Yoda @ WUR

Yoda is a research data management platform that enables you and your research partners to securely deposit, share, publish, and preserve (large amounts of) research data during all stages of a research project.

Yoda allows you to store data in a simple filing structure similar to that on the W:-drive or OneDrive, while it also allows easy collaboration and addition of metadata to the data. Yoda can help researchers archive their research data (and eventually be able to publish research data, but this is not possible as of yet) meeting some of the FAIR goals. WUR Library offers Yoda at the group level (e.g. chair group or business unit), but also at the project level (e.g. project team) when the project overarches several research groups (within and / or outside WUR). Usage of Yoda@WUR is free of charge to WUR chair groups, business units and projects on condition of the Yoda@WUR terms of use.

How to get started

  • Determine who will perform general Yoda management tasks.
    To work with Yoda in your research group / business unit / or research project, someone needs to be appointed to manage general aspects of Yoda. This person will receive system rights to create new parent folders, manage users that have access to data, and receive ‘Yoda data manager’ rights to review and approve data archival submissions to the Yoda Vault. These responsibilities can be shared across multiple users within your group. Usually, the data steward of your group would fulfil these tasks, but anyone familiar with best practices in data management can receive the same rights if approved by your group.
  • Send an email to data@wur.nl with the following information:

    • For which research group or project an account needs to be created.
    • Who will perform general Yoda management for the requested account.
    • Who the project leader / business unit holder / chair-group holder is (preferably within the cc of the email; as that person will have final responsibility of data within the research group).
  • Access Yoda@WUR through the webportal at https://yoda.wur.nl or connect to Yoda with a client programme using https://data.yoda.wur.nl. Note: when using iCommands as command line interface to Yoda, a different address setup is required. Please contact data@wur.nl for more information.


Check https://servicedesk.surf.nl/wiki/display/WIKI/Yoda+user+guide for general information on Yoda usage. Join the MS Teams for Yoda users for updates, issues, information, or ask for help. If you have any questions regarding Yoda usage or would like a short demo, please contact data@wur.nl.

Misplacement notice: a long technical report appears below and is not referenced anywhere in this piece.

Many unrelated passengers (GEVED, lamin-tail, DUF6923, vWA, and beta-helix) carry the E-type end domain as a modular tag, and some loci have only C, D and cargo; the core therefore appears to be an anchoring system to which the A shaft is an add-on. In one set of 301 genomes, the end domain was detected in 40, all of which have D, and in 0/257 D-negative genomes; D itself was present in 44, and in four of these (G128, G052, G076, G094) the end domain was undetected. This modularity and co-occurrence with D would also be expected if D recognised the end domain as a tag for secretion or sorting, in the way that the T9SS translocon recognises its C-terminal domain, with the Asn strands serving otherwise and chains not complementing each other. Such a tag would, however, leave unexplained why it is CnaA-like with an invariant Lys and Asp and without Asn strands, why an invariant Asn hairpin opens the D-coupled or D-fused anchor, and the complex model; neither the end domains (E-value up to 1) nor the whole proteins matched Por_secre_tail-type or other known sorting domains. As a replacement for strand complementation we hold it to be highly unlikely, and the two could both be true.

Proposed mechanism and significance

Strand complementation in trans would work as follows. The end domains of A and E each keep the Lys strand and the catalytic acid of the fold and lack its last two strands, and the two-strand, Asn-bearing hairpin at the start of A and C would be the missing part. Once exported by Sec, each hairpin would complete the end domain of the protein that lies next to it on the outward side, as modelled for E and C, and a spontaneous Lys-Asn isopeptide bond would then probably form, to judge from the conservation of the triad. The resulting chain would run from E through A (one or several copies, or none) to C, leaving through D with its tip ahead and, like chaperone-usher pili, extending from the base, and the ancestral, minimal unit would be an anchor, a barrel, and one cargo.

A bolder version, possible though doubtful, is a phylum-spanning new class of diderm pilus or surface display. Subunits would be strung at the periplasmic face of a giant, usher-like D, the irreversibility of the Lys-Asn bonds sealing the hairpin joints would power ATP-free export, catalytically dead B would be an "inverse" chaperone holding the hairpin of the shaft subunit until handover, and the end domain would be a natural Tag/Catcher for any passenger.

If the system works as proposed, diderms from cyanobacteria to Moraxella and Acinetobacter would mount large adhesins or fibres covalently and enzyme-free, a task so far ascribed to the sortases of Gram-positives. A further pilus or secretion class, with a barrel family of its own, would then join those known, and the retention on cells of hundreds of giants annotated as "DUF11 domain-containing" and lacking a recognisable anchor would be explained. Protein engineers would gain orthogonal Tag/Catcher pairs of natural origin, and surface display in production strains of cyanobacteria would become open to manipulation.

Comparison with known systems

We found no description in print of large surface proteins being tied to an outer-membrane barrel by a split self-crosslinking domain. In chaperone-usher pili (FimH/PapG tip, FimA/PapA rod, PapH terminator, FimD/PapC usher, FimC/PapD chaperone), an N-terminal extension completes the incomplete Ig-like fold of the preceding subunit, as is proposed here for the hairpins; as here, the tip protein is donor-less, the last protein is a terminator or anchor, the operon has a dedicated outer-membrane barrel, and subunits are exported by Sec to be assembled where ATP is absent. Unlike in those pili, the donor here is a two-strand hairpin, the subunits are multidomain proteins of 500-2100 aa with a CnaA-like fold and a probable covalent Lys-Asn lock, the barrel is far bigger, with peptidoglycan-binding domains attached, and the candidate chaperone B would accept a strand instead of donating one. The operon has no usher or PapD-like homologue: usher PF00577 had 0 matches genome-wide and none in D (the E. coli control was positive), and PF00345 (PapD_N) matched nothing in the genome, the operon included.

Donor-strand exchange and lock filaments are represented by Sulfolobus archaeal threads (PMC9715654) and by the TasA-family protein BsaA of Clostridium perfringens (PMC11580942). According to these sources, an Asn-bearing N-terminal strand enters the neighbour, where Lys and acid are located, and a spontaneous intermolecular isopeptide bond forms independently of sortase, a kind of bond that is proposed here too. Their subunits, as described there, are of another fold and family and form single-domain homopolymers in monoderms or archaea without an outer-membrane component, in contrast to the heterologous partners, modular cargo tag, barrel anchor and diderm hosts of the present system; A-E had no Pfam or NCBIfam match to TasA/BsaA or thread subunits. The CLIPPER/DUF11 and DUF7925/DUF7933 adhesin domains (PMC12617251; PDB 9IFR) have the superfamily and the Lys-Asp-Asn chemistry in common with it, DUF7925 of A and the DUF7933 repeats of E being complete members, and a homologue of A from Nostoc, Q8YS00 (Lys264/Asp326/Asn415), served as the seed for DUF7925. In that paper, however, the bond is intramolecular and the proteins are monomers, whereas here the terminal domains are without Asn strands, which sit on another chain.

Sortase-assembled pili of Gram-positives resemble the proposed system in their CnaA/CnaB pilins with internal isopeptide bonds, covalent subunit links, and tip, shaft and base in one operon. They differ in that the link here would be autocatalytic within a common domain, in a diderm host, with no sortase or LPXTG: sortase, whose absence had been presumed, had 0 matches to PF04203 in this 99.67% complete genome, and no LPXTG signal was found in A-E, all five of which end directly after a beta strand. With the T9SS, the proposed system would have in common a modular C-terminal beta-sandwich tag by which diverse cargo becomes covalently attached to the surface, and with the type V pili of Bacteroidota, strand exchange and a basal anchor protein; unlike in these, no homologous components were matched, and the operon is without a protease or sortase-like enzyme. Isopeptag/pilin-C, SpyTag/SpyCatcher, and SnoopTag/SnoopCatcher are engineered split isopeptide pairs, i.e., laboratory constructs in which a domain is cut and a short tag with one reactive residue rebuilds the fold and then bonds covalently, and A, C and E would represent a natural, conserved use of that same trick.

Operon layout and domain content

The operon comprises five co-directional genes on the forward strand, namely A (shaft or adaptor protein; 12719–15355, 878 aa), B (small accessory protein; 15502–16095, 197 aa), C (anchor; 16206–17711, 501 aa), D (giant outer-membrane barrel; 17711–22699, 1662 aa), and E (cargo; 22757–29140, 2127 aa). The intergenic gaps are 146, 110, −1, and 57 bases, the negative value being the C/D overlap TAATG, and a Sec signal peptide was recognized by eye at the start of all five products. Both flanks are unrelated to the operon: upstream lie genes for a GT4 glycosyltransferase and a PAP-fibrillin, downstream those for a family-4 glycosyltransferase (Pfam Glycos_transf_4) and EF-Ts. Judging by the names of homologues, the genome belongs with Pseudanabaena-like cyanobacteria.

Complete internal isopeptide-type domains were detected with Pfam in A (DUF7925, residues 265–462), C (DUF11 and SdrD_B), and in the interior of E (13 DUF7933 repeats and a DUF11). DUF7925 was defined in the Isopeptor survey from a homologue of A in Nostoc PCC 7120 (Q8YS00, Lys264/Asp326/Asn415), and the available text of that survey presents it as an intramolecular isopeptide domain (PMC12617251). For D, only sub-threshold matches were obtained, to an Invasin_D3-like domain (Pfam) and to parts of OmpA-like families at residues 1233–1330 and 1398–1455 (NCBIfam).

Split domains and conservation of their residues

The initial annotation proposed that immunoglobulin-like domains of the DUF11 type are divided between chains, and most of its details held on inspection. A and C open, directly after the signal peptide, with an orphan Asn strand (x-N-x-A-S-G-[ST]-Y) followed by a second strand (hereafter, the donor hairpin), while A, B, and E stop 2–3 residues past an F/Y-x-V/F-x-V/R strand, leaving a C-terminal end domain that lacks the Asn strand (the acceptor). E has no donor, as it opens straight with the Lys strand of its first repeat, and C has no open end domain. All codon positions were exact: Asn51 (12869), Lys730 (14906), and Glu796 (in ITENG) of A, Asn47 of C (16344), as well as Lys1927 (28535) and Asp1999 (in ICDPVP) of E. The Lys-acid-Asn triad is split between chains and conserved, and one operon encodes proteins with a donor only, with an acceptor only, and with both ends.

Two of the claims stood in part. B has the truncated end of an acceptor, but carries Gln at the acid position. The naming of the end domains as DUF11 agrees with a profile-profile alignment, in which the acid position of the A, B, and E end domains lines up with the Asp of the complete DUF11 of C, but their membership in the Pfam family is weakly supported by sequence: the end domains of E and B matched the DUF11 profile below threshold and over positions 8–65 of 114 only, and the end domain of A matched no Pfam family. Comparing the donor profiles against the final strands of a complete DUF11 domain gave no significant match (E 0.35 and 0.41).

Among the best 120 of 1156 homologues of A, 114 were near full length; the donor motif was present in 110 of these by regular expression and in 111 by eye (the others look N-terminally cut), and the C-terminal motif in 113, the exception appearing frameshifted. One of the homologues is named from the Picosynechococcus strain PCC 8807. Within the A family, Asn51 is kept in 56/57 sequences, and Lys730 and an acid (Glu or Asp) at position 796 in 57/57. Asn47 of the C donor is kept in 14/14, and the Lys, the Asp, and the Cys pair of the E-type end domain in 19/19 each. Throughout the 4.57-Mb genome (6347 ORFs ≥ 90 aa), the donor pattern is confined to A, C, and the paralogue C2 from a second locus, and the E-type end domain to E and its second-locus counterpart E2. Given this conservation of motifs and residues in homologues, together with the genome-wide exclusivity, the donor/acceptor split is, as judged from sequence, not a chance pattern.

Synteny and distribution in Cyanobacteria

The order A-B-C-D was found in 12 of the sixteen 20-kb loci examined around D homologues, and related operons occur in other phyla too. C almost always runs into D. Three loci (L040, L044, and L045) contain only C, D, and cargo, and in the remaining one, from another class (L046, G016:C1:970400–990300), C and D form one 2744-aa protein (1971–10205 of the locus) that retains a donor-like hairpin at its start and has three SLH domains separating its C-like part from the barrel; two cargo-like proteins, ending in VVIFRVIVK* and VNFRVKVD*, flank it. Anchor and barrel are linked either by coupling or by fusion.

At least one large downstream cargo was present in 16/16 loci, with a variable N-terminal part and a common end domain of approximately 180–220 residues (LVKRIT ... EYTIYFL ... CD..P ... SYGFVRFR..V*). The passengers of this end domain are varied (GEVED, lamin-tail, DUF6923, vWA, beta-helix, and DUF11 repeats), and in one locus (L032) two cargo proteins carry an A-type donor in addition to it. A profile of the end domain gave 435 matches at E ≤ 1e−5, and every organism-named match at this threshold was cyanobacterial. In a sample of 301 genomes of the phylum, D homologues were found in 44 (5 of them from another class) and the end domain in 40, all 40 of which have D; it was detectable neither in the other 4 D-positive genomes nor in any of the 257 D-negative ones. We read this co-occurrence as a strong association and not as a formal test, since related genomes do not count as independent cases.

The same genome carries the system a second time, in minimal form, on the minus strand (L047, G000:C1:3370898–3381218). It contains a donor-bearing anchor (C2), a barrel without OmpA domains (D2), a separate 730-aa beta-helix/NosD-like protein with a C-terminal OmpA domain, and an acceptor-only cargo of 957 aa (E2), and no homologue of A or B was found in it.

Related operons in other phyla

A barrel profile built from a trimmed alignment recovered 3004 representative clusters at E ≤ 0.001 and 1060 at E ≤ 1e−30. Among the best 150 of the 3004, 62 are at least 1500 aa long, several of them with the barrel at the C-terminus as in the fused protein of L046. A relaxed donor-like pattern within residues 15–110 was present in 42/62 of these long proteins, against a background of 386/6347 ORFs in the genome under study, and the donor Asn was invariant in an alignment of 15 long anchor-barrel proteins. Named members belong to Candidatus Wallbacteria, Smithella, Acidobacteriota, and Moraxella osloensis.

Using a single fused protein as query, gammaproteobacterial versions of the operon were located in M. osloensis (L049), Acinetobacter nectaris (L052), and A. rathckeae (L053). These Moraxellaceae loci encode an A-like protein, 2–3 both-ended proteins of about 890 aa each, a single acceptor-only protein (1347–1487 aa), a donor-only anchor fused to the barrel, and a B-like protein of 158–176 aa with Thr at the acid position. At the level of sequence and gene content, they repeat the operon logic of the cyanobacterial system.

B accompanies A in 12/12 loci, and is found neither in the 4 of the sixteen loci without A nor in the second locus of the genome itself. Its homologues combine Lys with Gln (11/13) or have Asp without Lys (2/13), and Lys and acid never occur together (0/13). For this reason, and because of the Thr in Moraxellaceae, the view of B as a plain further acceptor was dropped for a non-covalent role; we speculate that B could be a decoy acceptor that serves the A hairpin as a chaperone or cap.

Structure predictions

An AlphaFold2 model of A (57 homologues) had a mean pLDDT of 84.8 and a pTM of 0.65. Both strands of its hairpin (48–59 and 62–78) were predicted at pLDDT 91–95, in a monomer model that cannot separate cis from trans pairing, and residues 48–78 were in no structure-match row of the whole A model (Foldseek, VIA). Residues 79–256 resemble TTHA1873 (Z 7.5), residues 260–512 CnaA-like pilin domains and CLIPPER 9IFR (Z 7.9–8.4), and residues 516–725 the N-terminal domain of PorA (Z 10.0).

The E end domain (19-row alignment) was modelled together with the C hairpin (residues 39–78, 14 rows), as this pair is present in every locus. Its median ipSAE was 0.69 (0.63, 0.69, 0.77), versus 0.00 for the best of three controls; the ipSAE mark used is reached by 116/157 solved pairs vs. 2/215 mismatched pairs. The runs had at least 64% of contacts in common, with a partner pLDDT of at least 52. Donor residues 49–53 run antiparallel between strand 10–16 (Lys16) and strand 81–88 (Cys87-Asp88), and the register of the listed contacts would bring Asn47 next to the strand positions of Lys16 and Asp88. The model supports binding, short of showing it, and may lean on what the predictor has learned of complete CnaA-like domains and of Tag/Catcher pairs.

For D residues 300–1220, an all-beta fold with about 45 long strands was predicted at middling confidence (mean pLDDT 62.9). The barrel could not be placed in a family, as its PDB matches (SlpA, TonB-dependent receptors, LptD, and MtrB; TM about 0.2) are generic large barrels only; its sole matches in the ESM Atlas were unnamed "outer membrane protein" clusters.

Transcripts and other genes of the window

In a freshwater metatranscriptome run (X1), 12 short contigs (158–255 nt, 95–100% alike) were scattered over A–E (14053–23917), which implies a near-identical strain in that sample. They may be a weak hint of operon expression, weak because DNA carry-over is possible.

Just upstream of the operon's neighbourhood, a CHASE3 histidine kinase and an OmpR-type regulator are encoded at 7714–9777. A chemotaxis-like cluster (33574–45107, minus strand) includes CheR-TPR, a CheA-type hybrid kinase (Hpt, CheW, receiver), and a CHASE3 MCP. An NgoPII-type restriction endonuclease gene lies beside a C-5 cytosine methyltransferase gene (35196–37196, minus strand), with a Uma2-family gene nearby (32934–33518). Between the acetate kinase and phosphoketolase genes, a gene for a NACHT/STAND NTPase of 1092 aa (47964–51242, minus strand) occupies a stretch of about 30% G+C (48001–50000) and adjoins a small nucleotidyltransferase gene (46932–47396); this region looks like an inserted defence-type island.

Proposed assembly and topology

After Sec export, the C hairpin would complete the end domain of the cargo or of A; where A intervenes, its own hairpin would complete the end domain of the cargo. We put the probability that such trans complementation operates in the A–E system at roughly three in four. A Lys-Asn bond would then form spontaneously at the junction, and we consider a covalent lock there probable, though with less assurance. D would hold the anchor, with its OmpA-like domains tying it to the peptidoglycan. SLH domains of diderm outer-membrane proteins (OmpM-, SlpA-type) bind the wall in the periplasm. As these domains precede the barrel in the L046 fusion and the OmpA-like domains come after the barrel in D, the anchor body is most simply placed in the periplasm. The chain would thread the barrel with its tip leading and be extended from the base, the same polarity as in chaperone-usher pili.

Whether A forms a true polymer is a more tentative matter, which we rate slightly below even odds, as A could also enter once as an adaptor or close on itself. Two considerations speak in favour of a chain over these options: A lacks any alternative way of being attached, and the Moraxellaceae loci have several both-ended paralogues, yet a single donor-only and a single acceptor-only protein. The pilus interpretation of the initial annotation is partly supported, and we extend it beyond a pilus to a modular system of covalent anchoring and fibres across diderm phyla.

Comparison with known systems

Frequently Asked Questions

Can Yoda serve as an alternative for the M:-drive and/or MS-OneDrive?

Yoda is an alternative for OneDrive, as it operates in a similar manner with synchronisation clients. It is not a direct replacement for the M: and W:-drive, as it does not provide a network drive capability.

How do I use Yoda on my computer?

After you have been given access to Yoda by your data manager, you can connect to Yoda in various ways:

  • Via the web portal at https://yoda.wur.nl. Here, you can upload and download data, edit metadata, archive and (soon) publish data.
  • Connecting with a local client on your laptop. See the question 'My upload speed is very slow, can I use different clients to connect with Yoda?' below for more information.

Note: even though it is possible to connect to Yoda@WUR as a standard Windows network drive, we recommend using a different client (like CyberDuck, WinSCP, iCommands, GoCommands, etc.) as they allow larger data transfers and are a bit faster in terms of transfers.

Signing into Yoda@WUR and the SRAM invitation.

In March 2024, Yoda@WUR transitioned into a new way of signing in called SURF Research Access Management (SRAM). SRAM allows other universtities that have SRAM activated for Yoda to login using their own institutional credentials once such a user was added to a folder in Yoda@WUR. Previously, those users had to create their own password and were treated like any other external user. External users that are not from an institute that uses Yoda or SRAM, now have to create an EduID so that their account can be linked to Yoda. This forces these users to also apply 2FA when logging in to the web portal, which was not possible before. This SRAM activation is another step for higher security within Yoda@WUR.

WUR users:
Once a WUR user is added to Yoda@WUR, the system will send out an SRAM invite specifying it is from Victoria Peterson (SRAM admin at WUR). If a WUR user has never accepted an SRAM invite before, they need to accept the invite before signing into Yoda@WUR. They only need to accept one invite even though they might receive multiple. Once accepted, they can keep signing in using their WUR credentials.

External users: